Fog

By Margaret McGoldrick | Drama
A woman meets a man after speaking online for years. But someone else appears with secrets.

Clare is waiting in a hotel room, readying to meet a man named Matt for the first time. But she already knows Matt. She discovers that she’s met him online and has been chatting with him for some time.

But Matt has a different agenda: one that will not only upend everything Clare knows about him but change the course of her life.

Written and directed by Margaret McGoldrick, this taut short drama takes a situation right out of a thriller and knuckles down into it with relentless intimacy, boiling it down to its elements of betrayal, trust and love.

The narrative opens with a cryptic tension, as a clock ticks in an otherwise silent room. A woman waits in the coolly impersonal hotel room, the film’s main setting rendered in icy, muted cinematography and lighting. A man strides in with an impatient, brisk air, throwing down papers on a table and then making a phone call. They then have a conversation. It seems simple, but from the beginning, the writing sets up a puzzle, each piece precisely deployed via staccato, tense dialogue to reveal a crucial piece of information.

The dramatic situation slowly clarifies with each beat, but like the best of thrillers and mysteries, each reveal leads to more questions. Likewise, the film’s elegantly severe, almost abstract simplicity in both visuals and dramatic set-up reveals a subtle complexity, from the intricate editing to the byzantine secrets held by both Matt and Clare. And what initially seems like an illicit assignation reveals a dark complexity for its underbelly, with high stakes for both.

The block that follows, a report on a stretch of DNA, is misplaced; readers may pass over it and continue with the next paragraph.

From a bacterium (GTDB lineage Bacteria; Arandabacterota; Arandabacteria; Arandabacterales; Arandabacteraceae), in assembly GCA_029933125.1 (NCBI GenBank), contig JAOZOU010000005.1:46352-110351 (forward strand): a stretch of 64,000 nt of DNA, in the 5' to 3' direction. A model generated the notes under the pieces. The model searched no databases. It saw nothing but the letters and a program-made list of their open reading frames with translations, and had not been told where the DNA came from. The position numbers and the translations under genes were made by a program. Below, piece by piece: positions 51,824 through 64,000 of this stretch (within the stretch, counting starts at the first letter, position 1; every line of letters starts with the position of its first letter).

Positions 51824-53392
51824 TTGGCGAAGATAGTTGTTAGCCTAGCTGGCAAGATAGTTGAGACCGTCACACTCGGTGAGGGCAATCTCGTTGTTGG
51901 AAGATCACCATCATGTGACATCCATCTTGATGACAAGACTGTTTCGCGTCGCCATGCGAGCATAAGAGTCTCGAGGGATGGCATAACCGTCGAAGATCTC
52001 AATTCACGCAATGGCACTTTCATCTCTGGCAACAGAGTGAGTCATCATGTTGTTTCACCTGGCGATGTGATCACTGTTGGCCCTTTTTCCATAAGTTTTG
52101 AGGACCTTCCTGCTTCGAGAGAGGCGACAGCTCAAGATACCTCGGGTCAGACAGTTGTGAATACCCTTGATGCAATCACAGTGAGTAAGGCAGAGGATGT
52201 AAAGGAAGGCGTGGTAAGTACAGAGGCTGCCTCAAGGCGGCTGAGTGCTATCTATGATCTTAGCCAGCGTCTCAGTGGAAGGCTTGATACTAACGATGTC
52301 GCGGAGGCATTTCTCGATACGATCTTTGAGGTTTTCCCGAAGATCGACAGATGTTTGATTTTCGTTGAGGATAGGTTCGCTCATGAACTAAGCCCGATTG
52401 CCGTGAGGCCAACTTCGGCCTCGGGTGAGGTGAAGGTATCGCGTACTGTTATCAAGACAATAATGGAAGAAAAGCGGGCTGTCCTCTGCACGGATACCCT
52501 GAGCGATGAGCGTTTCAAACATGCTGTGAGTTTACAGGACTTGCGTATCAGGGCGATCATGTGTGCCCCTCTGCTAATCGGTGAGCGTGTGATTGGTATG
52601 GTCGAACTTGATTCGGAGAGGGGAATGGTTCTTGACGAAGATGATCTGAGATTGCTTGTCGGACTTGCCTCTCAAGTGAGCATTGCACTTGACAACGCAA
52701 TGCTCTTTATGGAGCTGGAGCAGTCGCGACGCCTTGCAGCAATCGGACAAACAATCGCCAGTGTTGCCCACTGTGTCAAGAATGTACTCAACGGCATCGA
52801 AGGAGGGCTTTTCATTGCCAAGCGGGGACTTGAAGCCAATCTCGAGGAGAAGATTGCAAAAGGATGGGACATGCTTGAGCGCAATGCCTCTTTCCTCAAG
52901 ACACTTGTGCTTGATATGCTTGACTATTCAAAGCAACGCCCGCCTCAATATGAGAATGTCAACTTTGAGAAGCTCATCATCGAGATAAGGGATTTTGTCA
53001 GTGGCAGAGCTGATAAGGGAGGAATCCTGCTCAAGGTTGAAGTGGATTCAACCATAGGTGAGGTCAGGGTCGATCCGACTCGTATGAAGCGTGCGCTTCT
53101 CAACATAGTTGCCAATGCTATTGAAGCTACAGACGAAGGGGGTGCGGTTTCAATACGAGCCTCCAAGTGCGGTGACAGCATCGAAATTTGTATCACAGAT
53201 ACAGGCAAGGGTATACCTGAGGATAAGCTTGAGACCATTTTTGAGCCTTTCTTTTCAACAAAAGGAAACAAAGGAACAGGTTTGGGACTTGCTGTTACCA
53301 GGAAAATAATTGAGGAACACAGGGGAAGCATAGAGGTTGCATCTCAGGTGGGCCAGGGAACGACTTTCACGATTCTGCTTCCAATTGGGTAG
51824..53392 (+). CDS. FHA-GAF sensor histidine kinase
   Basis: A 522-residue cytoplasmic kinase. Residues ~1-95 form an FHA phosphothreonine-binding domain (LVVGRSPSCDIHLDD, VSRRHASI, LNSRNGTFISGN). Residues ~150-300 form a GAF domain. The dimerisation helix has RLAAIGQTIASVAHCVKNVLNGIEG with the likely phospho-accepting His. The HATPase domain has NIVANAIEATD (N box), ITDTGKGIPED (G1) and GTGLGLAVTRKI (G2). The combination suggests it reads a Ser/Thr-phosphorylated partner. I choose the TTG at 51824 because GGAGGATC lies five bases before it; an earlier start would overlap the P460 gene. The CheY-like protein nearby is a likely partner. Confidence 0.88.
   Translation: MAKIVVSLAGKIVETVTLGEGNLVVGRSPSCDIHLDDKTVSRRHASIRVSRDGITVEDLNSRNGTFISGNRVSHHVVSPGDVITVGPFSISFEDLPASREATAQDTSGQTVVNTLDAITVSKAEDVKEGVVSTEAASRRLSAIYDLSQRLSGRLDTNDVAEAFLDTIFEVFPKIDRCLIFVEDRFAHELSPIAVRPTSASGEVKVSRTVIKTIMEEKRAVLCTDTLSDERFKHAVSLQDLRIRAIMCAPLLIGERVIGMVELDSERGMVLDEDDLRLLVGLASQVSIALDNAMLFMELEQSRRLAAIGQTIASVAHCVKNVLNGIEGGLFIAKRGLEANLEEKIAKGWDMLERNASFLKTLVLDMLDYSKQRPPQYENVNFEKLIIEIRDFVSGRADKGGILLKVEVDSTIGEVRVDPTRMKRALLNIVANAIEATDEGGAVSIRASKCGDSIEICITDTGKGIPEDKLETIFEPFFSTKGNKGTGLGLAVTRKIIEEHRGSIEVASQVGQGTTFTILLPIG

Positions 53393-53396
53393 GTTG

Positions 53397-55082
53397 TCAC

Actors Michael Condron and Bronagh McAuley begin the film with simmering tension, capturing the riddle of knowing someone without being familiar with them. The risk of beginning with a high level of drama is that a story can become a draining melodrama. But the filmmaking is too intelligent and disciplined to let that happen, and both performers pattern in flickers of surprise, disappointment, sympathy and vulnerability as their larger story comes together. They’re both able to balance emotion and restraint in the extreme close-ups on their faces, as their facades — both online, and in real life — shatter and their truths are revealed.

As the initial mystery of “Fog” recedes, crystalline suspense builds, and themes of morality, love, personal responsibility and sacrifice come to the core. These crest towards a difficult decision for Clare and a cliffhanger of an ending, where we see how intimacy is weaponized and a woman confronts the situation she’s made for herself. An entire feature could be generated from the story leading up to this moment, making for a top-notch thriller. But the short reckons with something else more relatable — when the weight of all our decisions, large and small, adds up, and we can choose to either shore its foundation up or burn it all down.




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